You are here

Low vitamin D intake increases hip fracture risk

Low vitamin D intake increases hip fracture risk
20th September 2007

Women with low levels of vitamin D are more likely to suffer a hip fracture, according to a new study.

A seven-year study of 400 women determined that those whose vitamin D levels were lowest had a 77 per cent higher chance of experiencing a hip fracture.

Lead researcher Dr Jane Cauley, who specialises in postmenopausal women, commented: "The risk of hip fractures was 77 percent higher among women whose 25 hydroxyvitamin D levels were at the lowest concentrations."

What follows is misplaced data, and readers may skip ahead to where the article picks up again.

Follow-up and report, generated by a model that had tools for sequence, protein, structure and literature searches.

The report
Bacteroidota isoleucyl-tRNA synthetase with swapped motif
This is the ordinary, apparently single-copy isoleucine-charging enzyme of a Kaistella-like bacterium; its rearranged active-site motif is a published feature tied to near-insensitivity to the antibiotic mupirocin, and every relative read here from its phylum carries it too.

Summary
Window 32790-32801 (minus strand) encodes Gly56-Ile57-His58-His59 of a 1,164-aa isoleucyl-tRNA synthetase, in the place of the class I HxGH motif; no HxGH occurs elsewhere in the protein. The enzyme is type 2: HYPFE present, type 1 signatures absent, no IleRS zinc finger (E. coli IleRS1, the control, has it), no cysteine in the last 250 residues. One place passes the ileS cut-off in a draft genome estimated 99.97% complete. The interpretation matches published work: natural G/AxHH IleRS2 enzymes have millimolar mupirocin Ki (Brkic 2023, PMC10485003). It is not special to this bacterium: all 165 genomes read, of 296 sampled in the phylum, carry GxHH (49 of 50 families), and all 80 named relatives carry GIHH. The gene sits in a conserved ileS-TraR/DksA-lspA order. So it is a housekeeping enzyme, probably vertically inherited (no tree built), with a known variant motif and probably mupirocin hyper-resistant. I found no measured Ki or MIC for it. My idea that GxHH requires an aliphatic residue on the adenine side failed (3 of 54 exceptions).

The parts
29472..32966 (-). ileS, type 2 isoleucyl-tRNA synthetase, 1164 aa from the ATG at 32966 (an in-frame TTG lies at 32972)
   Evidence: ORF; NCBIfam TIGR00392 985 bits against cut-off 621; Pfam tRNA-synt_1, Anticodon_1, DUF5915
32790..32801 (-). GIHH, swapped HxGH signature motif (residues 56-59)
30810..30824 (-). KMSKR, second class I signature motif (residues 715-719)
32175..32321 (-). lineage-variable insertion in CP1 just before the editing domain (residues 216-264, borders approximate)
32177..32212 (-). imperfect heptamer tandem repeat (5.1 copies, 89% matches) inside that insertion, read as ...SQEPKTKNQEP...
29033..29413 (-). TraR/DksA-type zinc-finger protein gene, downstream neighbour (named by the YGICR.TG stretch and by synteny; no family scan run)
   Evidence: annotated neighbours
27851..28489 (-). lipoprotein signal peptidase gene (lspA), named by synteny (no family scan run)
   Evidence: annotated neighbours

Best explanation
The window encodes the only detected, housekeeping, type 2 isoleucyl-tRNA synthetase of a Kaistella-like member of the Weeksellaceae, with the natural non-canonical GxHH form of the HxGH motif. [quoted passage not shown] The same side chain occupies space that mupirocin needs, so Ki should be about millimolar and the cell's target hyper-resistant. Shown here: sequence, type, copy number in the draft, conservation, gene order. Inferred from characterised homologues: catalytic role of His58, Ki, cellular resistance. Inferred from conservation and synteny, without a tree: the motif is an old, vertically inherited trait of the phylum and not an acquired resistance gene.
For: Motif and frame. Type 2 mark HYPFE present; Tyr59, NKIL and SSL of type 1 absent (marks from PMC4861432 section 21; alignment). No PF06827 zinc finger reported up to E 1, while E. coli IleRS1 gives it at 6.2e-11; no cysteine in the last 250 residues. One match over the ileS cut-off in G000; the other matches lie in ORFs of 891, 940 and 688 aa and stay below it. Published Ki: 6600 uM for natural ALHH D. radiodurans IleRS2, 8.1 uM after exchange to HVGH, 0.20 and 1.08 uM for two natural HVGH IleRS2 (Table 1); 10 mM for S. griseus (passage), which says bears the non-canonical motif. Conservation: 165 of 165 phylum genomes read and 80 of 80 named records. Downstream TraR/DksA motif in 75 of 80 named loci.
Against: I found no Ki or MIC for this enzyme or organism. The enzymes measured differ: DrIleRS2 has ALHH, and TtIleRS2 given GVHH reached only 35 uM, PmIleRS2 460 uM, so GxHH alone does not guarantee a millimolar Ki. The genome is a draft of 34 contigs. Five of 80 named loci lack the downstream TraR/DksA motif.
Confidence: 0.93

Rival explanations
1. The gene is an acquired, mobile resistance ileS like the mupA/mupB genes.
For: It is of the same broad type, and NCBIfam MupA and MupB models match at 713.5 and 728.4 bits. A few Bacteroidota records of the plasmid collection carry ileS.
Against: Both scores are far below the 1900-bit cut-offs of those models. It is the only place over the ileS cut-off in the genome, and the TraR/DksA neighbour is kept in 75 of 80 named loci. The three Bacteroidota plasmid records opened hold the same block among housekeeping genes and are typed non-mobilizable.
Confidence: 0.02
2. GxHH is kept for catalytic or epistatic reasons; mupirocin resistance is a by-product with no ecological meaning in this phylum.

She added: "This effect persisted even when we adjusted for other risk factors such as body mass index, family history of hip fracture, smoking, alcohol use and calcium and vitamin D intake."

Though there is no exact figure for the daily requirement of vitamin D, most experts think that people need at least 800 to 1,000 international units a day.

Sun exposure induces production of vitamin D, which is not available naturally in many foods other than fish liver oils.